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Tennessee Defensive Coordinator: Perfect is the Enemy of Good is the Enemy of Great

The Vols had a good defense this season, but are making a risky change at defensive coordinator in pursuit of greatness.

John David Mercer-USA TODAY Sports

We have spilled hundreds of words on Butch Jones and Tennessee's identity being based in risk management this season.  This is not that.

The Vols parted ways with defensive coordinator John Jancek, and Jones parted ways with the man who has served as his defensive coordinator for the last six years, the fullness of his time at Cincinnati and Tennessee.  Jancek's defenses at Cincinnati ranked 53rd, 26th, and 40th in yards per play allowed.  He then took Tennessee's defense from 100th in that category in 2013 to 46th last season and 39th this year.

Tennessee's defense was tough to evaluate this season, as we wrote on Monday:

They were torched by Bowling Green without several defensive backs, and before we knew Bowling Green was going to become one of the nation's 15 best offenses.  The very next week they were better against Oklahoma than anyone else all year.  Against Florida they were generally good then heartbreakingly bad on fourth down.  Arkansas was a match-up nightmare but the Vols still fared slightly better than average against them.  Then Georgia unleashed a number of big plays...but the Vols won.

They got one opportunity to show real improvement, and I thought really did so against Alabama.  Then everything else was basically teams they should have dominated...and they did, especially in the last four games.  How much does that color the narrative of this season overall?

With the exception of a couple drives against Vanderbilt, Tennessee really could not have played any better in its last four games defensively.  This makes you wonder how long Butch Jones has been thinking about making this move.

The games that really counted happened to come early in the season in 2015, and Tennessee's inability to hold late leads was certainly an issue against Oklahoma, Florida, and Alabama.  As we pointed out yesterday:

There were five instances this year in which the Vols defense came onto the field in the closing minutes of the fourth quarter trying to protect a one-score lead. They allowed an average of 65 yards on those five possessions and never forced a turnover on downs (3 TDs, 1 forced fumble, one clock expiration).

By a number of measurements, Tennessee had a good defense this year.  Did they have a great defense?

In those crucial moments, "yes" does not feel like the answer.  It was different things at different times:  Oklahoma used a 14 play drive and a 13 play drive.  Florida used fourth downs, including what became the season's most important play on 4th and 14.  Alabama used the Heisman Trophy winner.

However, it's also important to note in each of those games it wasn't just the defense that cost the Vols.  A hyper-conservative offense couldn't gain any yardage when a single first down could have made a difference against Oklahoma.  We'll go to our graves remembering the full list of what could have been in Gainesville far beyond the 4th and 14:  going for two, getting out of their shell offensively up 27-21, better clock management or a made 55 yard field goal.  And Tennessee did get the ball back with a chance to beat Alabama before Josh Dobbs was sacked and fumbled.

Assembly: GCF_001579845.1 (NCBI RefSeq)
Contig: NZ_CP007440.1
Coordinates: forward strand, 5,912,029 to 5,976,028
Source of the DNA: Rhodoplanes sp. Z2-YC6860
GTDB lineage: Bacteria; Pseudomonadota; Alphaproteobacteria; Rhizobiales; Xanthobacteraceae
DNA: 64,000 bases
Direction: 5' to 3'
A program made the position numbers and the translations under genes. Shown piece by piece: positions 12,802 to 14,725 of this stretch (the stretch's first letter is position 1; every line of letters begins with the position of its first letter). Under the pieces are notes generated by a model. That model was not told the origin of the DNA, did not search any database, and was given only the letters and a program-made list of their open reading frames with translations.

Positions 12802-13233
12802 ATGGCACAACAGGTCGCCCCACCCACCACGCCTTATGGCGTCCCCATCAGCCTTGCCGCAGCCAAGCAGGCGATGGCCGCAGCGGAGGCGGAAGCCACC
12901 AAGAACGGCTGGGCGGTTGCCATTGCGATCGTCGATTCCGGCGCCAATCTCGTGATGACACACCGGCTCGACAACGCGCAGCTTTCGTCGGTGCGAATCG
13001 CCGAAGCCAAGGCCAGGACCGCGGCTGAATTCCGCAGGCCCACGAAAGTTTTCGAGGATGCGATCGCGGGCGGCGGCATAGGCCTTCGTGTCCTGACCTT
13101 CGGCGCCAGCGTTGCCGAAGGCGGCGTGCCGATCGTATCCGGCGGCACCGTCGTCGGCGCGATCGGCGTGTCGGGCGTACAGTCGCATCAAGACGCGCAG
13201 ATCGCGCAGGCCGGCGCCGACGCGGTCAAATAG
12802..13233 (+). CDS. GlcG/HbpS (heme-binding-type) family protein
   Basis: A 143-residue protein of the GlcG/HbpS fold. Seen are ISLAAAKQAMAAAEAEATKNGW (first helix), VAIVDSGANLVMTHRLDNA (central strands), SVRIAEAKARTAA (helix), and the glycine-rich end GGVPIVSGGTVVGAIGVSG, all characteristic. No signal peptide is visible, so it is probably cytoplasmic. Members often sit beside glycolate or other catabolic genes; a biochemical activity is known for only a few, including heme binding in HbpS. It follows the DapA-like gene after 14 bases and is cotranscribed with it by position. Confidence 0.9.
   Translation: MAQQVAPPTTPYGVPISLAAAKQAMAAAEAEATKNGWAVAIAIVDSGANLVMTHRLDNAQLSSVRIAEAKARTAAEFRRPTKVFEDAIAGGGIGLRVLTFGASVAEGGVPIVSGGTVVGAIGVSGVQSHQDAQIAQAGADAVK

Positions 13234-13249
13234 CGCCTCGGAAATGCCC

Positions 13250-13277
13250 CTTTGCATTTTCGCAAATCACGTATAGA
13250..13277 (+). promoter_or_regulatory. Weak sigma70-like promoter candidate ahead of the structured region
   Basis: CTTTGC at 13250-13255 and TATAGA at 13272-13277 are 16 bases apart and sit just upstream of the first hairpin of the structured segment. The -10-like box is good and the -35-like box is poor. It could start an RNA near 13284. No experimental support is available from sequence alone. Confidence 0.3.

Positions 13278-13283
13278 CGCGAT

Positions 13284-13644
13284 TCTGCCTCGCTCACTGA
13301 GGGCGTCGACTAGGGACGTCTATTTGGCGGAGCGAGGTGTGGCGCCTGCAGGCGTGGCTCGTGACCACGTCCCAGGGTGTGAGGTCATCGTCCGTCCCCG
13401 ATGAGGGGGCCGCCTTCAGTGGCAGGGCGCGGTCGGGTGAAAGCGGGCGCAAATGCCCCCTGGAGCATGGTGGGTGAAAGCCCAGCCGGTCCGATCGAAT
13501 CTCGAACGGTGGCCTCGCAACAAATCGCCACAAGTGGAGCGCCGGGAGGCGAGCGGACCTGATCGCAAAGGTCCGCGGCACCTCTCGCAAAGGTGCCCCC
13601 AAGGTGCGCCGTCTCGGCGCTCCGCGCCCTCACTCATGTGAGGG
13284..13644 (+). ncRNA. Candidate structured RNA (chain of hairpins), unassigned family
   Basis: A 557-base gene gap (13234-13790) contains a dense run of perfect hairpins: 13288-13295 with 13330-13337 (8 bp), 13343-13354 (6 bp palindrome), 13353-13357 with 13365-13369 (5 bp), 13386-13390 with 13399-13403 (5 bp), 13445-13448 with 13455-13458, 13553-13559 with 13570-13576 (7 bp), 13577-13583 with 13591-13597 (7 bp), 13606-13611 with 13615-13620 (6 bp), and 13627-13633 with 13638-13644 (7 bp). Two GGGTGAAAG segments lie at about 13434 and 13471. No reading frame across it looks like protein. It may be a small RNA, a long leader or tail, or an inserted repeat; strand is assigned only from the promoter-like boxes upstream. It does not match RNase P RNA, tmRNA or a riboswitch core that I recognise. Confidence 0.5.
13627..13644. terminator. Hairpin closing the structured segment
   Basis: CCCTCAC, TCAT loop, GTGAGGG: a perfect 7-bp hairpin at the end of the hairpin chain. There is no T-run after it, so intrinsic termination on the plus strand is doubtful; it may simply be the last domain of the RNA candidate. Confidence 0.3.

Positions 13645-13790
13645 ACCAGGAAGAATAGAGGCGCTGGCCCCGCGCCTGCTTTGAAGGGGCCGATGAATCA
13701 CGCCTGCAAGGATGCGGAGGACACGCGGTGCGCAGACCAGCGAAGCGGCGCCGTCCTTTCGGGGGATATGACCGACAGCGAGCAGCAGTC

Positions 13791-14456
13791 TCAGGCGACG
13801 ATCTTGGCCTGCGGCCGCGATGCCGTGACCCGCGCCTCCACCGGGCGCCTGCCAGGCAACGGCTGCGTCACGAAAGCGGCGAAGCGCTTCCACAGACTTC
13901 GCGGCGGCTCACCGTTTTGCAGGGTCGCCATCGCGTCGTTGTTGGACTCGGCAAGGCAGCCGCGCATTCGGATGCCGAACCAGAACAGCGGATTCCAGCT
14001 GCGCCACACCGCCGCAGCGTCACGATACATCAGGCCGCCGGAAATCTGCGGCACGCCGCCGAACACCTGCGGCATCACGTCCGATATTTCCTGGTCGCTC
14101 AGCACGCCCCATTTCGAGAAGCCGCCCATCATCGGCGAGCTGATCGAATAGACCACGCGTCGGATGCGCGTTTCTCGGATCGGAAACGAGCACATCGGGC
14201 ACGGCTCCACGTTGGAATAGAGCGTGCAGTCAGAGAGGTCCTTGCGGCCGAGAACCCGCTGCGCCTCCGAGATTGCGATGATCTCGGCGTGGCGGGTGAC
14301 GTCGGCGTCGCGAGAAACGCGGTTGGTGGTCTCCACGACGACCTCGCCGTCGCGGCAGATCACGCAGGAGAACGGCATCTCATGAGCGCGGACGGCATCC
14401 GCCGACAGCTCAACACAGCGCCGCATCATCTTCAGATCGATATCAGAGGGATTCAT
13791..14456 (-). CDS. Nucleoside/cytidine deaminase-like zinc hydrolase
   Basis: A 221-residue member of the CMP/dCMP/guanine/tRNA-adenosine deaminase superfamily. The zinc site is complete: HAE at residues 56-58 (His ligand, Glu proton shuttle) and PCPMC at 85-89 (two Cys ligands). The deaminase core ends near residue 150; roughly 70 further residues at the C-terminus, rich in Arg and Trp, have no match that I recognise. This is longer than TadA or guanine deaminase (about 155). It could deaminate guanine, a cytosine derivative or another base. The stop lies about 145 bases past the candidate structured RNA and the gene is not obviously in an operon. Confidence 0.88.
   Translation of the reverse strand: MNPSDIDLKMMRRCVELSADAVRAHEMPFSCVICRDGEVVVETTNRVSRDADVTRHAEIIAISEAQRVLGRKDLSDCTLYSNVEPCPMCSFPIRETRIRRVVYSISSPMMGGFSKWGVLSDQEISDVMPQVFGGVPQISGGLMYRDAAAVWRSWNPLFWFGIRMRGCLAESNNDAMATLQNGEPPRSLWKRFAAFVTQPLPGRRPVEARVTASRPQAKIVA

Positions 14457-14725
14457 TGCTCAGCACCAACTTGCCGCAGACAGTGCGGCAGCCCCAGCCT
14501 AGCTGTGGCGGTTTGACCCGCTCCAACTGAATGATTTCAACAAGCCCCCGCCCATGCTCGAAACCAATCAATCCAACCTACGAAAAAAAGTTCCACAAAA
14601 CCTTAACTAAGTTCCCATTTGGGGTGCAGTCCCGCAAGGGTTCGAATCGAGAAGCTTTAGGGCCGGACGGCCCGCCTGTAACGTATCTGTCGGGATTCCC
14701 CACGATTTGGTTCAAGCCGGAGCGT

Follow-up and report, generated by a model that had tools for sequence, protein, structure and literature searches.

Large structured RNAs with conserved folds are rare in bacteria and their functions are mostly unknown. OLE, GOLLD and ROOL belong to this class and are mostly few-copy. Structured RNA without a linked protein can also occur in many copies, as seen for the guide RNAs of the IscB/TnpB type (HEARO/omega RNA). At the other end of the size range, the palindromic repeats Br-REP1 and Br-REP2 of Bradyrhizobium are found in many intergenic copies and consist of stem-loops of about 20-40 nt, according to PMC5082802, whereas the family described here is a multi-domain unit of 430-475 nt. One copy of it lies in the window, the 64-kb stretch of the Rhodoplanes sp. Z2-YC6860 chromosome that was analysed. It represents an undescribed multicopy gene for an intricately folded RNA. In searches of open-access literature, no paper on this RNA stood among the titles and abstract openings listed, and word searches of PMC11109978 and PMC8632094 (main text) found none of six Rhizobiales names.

Making this move solely on 4th and 14 would be more petty than anything.  The Vols were 125th nationally in fourth down conversions allowed, but third nationally in third down conversions allowed.  The Vols were a Top 40 defense in yards per play allowed, but regressed in big plays this season (in part, see Maggitt, Curt):  44th nationally in sacks, 75th in tackles for loss, and only 19 turnovers in 13 games.

Whoever Tennessee hires next will not be perfect.  They will be flawed.  Anyone clamoring for John Chavis knows this.  Bob Shoop's crew gave up 55 to the Michigan State team that got zero against Alabama.  Gene Chizik's just surrendered 42.6 per game in their last three outings against NC State, Clemson, and Baylor.  Tennessee will be very talented but could be rebuilding almost its entire secondary.

This is a risk.  Tennessee is trading in good and it will not get perfect in return.  In a year that could become the year, the Vols are making a significant change when one was not mandatory.

But one of the themes we've heard a lot in the last 24 hours is this idea:

If this idea is true, the Vols think someone else gives them a better chance to win championships.  Tennessee is cashing in good and Butch is cashing in some degree of loyalty in pursuit of great.  I have no doubt it wasn't easy.  And if it doesn't work - if Tennessee wins fewer than 10 games next year and its defense shoulders a significant percentage of the blame - it really won't be easy.  But for a team and a coaching staff that has been questioned for being too safe, and for a tenure that has so far been marked with good but not great, Tennessee made a hard, bold move yesterday showing safe won't keep them from pursuing growth.  We'll have to wait til next year to see if it pays off.  But the continued pursuit of greatness, even when it may have required a difficult choice, is noteworthy for Butch Jones.